Textile Urgency in the Andes

The fashion industry is in a state of transformation. Over the past three decades, we have seen the rise of fast fashion, clothes that are low quality from retailers having high rates of product turnover. Consumers feel disconnected from how clothes are made and who makes them. It has implications on the well-being of garment workers and on the environment. This has led to the fashion industry to be the second most polluting industry in the world and for 80% of the workers in the industry to not make a living wage.

Dying batik fabric in Phrae, ThailandAnirut Rassameesritrakool/Pond5

Dying batik fabric in Phrae, ThailandAnirut Rassameesritrakool/Pond5

We are now experiencing a shift in consumer culture where people are seeking more mindfully made products. There is increasing demand for products with transparent supply chains that support every person from the raw materials to the knitters. Since this is currently not the norm, it is a great struggle for designers to find each part of their supply chain so that they can verify the ethics behind it.

There is a great opportunity to create desirable products while also supporting the traditions of cultures with textile crafts. In addition to the labor and environmental issues connected to the fashion industry, cultures with textile crafts are being lost as fast fashion becomes cheaper and more accessible.

Textile knowledge is a form of traditional cultural expression in danger all around the world. Without a consistent and real incentive for traditional communities to keep these practices, they will be lost. A knowledge that is not transmitted to new generations decreases the changes to have strong value production chains.

One of the reasons people don’t work on this techniques is the time inconvenience. In the Andean textile context, just to clean the wool and make stream, it is necessary at least a week. Producing a meter of fabric in the loom is totally doable in one day, if working wouldn’t be necessary. The looms are active for couple months to make clothes for special holidays such as Dia de Muertos and some of the people are working in the production of handicrafts, but the local market (Ecuador) don’t pay fairly rates; without mentioning the great competition with industrialized crafts from Otavalo.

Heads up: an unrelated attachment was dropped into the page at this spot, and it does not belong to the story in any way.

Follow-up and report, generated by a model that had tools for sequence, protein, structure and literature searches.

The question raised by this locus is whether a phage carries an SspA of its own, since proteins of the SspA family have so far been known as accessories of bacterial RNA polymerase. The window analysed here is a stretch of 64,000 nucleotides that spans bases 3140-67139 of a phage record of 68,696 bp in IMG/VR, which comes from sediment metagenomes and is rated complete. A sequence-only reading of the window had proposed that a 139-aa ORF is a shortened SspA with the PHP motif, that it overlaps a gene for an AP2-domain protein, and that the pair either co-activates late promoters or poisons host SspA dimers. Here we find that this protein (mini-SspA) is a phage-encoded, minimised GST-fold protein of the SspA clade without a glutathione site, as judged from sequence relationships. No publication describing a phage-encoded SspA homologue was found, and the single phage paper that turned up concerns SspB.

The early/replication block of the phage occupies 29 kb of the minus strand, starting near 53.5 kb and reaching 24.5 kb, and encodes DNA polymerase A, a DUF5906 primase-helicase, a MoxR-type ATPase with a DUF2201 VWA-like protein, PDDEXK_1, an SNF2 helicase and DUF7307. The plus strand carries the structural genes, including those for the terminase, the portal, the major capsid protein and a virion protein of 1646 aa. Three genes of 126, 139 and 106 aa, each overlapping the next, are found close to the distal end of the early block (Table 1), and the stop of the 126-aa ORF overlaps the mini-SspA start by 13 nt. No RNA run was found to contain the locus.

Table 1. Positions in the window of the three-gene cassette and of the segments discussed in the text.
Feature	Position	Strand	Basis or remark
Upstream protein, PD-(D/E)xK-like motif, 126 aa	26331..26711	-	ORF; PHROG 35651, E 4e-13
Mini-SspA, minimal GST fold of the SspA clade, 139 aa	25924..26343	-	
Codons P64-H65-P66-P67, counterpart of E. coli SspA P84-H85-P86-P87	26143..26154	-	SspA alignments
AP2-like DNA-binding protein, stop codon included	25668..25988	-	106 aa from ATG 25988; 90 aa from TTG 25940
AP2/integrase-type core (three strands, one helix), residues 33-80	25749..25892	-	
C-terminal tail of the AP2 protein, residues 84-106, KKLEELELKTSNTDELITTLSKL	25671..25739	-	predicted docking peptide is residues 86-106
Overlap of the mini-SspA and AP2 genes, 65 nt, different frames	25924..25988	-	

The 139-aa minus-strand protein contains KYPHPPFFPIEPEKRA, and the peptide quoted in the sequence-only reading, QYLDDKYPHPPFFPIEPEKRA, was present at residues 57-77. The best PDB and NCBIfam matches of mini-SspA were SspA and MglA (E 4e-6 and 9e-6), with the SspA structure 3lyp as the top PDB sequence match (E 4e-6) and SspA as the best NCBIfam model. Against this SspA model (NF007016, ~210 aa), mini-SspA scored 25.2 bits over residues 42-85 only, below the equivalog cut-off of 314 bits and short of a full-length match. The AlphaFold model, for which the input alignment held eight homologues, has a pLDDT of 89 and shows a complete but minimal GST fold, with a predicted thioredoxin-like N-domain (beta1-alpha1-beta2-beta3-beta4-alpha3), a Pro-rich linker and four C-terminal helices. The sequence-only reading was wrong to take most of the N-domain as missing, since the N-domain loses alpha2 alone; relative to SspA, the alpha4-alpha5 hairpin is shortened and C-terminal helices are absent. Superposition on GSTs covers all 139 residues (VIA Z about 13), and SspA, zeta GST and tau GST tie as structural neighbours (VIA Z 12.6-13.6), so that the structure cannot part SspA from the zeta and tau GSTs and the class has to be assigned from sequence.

Dying techniques have been almost displaced by toxic dyeing pigments which are brighter and faster to use. Younger generations don’t have idea about the process of the cochinilla to get red tones. Process that is extremely expensive for the couple people who know about the technique because each disc of cochinilla paste has a market value of $100 versus a $2 package of Chinese or Colombian dyes. Tones like brown and black used to be found on burned bones and plants that no one knows uses anymore. According Martha Masakiza, director of the local school, there are couple elderly carrying this knowledge, but without documentation and active production in couple years this important element of their culture is going to be lost forever.

Masakiza works with parents at school. She told us that one of the big problems for the Families at her community is the lack of profitable employment in town. Most the men have to go to closet cities  to work in the construction industry leaving the crops and families without attention. On the other hand, women are mostly working on the crops for local consumption or selling to cities around town. Any of the sources of income are stable because of the instability of the agricultural market in the country and the sporadic hires in the construction industry.  

Women in these communities have a tremendous potential in their hands. Culturally, the textile knowledge is transmitted between the female members of the families. Some men are being included in the sales of crafts but this activity is mostly handle by woman. If this textile knowledge could be reevaluated, recovered and given a re-signification we can guarantee the inclusion of women and the town itself as an ethnic minority into the industry of sustainable fashion while empowering local culture and textile traditions.

It is really urgent to empower this traditions because they can really contribute to a better production of clothing. Currently, the traditional fashion industry constitutes the second source of global contamination. Along the globe, 25% of the production of toxic chemicals are present in dyes and fibers of all kinds affecting the health of workers, the environment and even consumers. 2.5 billion metric tons of water are contaminated every year; Since 2010, the rivers of China have changed their tone with the seasonal color, leaving them totally sterile (Bell 1). Because producing clothes under this conditions is cheaper and it does not require much involvement from the big brands, social and environmental parameters are not taken in consideration. In this way, selling clothes is a business with tremendous profit margins that grow each season, USD 1.5 trillion. The social and environmental impact is great if we consider the facility for consumers to buy clothes every season, garments that individually will not be used more than 7 times until the trend change.

Consuming garments whose origin of production is unknown generates a high social and environmental impact, a problem of traditional fashion consumption. 97.5% of the clothing we consume is produced in developing countries (Morgan 1) whose labor policies have blind eyes to fair wages, occupational safety, health, among others.

by Rodrigo Muñoz and Hannah Phang